What is PWS > Symptons & Characteristics
Prader-Willi Syndrome Symptoms
By Suzanne Cassidy, MD
There is often a characteristic facial appearance with a narrow forehead, almond-shaped eyes, and a thin upper lip with downturned mouth. Scoliosis (S-shaped curvature of the spine) may develop. Many individuals have fairer coloring of hair, eyes and skin than other family members.
People with PWS typically have short stature for the family and small hands and feet. Early growth may be below normal, and there is failure to have a pubertal growth spurt. Recent studies have documented insufficiency in growth hormone, and treatment can correct this problem.
Incomplete Sexual Development:
The small genitalia that characterize affected individuals are more easily identified in males, but affects both sexes. Males often have undescended testicles and a small, poorly delineated scrotum; females have small labia minora and clitoris. Pubertal development is typically delayed and incomplete, and fertility is extremely rare and has occurred only in females.
Learning and cognitive development are delayed. Although there is wide variability in abilities, the average IQ is in the 60’s. Most affected persons function in the mild intellectual disability range independent of tested IQ, and most are learning disabled.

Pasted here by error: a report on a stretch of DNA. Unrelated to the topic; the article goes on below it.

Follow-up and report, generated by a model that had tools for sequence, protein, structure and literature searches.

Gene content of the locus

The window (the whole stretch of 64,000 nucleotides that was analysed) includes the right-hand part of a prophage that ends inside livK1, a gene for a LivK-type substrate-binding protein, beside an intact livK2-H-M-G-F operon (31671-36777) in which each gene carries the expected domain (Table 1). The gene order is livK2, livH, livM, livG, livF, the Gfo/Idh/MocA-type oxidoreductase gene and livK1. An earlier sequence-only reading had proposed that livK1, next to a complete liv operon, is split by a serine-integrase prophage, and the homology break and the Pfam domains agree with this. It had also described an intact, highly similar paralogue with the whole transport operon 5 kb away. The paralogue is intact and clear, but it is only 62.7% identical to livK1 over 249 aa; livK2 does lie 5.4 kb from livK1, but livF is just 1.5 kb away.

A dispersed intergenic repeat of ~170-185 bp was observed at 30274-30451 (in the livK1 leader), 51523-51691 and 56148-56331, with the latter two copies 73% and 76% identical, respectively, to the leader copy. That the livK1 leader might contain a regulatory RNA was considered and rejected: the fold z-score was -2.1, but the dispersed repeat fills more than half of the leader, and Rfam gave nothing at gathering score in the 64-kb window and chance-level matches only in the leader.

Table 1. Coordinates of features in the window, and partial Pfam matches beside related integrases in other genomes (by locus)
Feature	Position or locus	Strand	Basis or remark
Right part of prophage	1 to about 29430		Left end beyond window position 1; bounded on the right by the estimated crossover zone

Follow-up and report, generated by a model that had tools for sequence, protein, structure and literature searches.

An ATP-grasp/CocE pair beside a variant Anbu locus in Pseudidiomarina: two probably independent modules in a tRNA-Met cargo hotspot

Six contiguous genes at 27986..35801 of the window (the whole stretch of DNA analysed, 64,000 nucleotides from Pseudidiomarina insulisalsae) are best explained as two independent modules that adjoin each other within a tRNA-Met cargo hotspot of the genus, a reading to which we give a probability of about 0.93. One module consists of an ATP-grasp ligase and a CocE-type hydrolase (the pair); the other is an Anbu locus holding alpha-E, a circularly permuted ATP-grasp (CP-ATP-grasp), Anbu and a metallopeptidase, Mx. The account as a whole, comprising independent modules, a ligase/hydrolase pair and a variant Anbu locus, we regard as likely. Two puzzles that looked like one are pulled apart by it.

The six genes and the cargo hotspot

Speech and language difficulties:
Cognitive capacity and probably also the extent of hypotonia affect this ability. Speech therapy may be helpful.
Balance and Coordination:
Fine motor skills usually are well developed, while gross motor skills remain limited.
High pain threshold and irregularities in body temperature control. Most people with PWS are unaware of injury and infection because of blunted sensory mechanisms. Unexplained high or low temperatures may occur, and there is often insensitivity to environmental temperature.
Scratching and Picking:
Many individuals with PWS pick and scratch at sores and insect bites which, if not controlled, may become chronic sores and result in infection.
Behavior and Temperament:
Affected children tend to be loving, happy and compliant in early years, and then subtle changes typically lead to mood swings and behavior difficulties over time. This often includes temper outbursts, stubbornness, rigidity, argumentativeness, and repetitive thoughts and behaviors. Social skills are often impaired. True psychosis occurs in a minority of affected older teenagers and young adults, but it usually responds well to treatment. Depression may result in later years when self-image issues emerge, particularly over the conflict between the drive for independence and the need for management.
People with PWS may experience excessive daytime sleepiness and sleep apnea, particularly if obese. Eye abnormalities such as strabismus (cross-eyed), myopia (nearsightedness) or amblyopia (lazy eye) are common.
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